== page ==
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Turnaround tactics: 'don't just peel the onion.' (Irfan Salim's management style helps Software Publishing Corp. regain road to profitability) (Interview)

When Irfan Salim took office last September as president and chief operating officer of Software Publishing Corp., he inherited a classic turnaround problem: how to rescue a bottom line that was collapsing under the pressure of shrinking revenues and price wars in SPC's core presentations and database markets. The company isn't home free yet, but Salim's tactics seem to be working: In the last quarter of 1992, SPC managed to boost operating profits by almost a third (from 13% to 17%), despite a revenue decline from $41 to $37 million. We recently spoke with Salim about his approach:

Irfan, what have you found is the biggest issue when a high-growth company like SPC suddenly hits a wall and stops growing? "The hardest problem is dealing with feelings of denial and self-doubt throughout the company. For a long time in this industry, if you didn't grow 40% a year, you felt inadequate. Intellectually, everyone knew that kind of growth couldn't go on forever. But it's always easier to postpone thinking about solutions until it's almost too late. That makes the adjustment to zero growth even more difficult to handle."

So how do you start to get costs under control?

"You don't just peel the onion, cutting a few percentage points from everyone's budget. You have to start with a zero-based budget for everything, which means you question the company's priorities, the bureaucracy, the founder's pet projects--the whole works. It also helps to choose some religion about the kind of company you are. In some cases, you might want to ride the price curve down and become a pure consumer business. Or you could decide to become a high value-added company. If you don't choose one religion and follow it wholeheartedly, you won't have the resources to succeed with more than one strategy."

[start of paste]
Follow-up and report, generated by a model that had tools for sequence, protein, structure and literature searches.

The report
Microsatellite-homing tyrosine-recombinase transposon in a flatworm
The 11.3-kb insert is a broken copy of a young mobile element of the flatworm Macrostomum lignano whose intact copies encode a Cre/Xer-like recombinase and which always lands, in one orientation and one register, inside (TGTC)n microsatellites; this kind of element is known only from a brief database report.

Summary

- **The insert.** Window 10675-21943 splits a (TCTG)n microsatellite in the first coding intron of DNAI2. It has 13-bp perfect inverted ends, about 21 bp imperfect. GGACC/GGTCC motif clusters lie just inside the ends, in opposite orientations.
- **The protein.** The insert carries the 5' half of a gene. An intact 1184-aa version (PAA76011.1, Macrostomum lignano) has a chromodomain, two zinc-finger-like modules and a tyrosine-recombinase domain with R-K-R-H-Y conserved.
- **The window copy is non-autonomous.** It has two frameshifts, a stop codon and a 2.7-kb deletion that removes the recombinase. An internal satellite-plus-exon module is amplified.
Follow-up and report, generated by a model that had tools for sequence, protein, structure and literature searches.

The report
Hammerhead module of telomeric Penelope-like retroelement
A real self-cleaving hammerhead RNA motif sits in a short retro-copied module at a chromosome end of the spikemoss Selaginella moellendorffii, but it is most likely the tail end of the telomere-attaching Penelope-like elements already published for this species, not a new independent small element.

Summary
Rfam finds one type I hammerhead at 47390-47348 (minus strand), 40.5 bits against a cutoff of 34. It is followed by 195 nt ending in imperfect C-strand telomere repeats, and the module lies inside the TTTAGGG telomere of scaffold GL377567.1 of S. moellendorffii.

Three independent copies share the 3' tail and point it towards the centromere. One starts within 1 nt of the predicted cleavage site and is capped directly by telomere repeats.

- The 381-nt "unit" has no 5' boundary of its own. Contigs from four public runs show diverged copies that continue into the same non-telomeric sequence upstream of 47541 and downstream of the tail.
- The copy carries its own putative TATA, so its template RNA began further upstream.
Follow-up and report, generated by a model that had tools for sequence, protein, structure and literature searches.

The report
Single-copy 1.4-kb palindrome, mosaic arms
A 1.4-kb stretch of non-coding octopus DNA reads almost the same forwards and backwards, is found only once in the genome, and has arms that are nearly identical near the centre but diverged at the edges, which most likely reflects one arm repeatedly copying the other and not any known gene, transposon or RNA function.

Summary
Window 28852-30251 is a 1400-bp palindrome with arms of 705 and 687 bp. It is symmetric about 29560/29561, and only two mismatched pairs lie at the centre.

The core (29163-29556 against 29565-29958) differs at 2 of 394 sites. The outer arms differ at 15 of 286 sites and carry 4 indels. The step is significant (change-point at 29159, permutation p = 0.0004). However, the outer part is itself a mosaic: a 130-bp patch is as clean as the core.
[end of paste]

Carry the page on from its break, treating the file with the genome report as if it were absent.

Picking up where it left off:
But aren't you still left with a high degree of uncertainty about making forecasts and plans?

"The top line is the key, not cost numbers in a budget. So you start by understanding very well the top-line dependencies--competition, prices, demand, things like that. And when you plan what the top line numbers will probably be, you first of all ought to identify the bits where you have good data. We had hard and fast numbers about DOS versus Windows sales, but we weren't as clear about the dynamics of why people buy suites and bundles. So we knew where our forecasts could get in trouble.

"For planning purposes, the forecast ought to represent a pessimistic outlook, with costs set at that level. At the same time, there's a danger in setting expectations too low. Your sales goals have to be more ambitious, without getting so far apart from the pessimistic forecast that nobody believes your goals. A 5% to 10% difference is probably within a reasonable boundary."
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Copyright 1993, Gale Group. All rights reserved. Gale Group is a Thomson Corporation Company.

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Publication:Soft-Letter
Article Type:Interview
Date:Mar 5, 1993
Words:468
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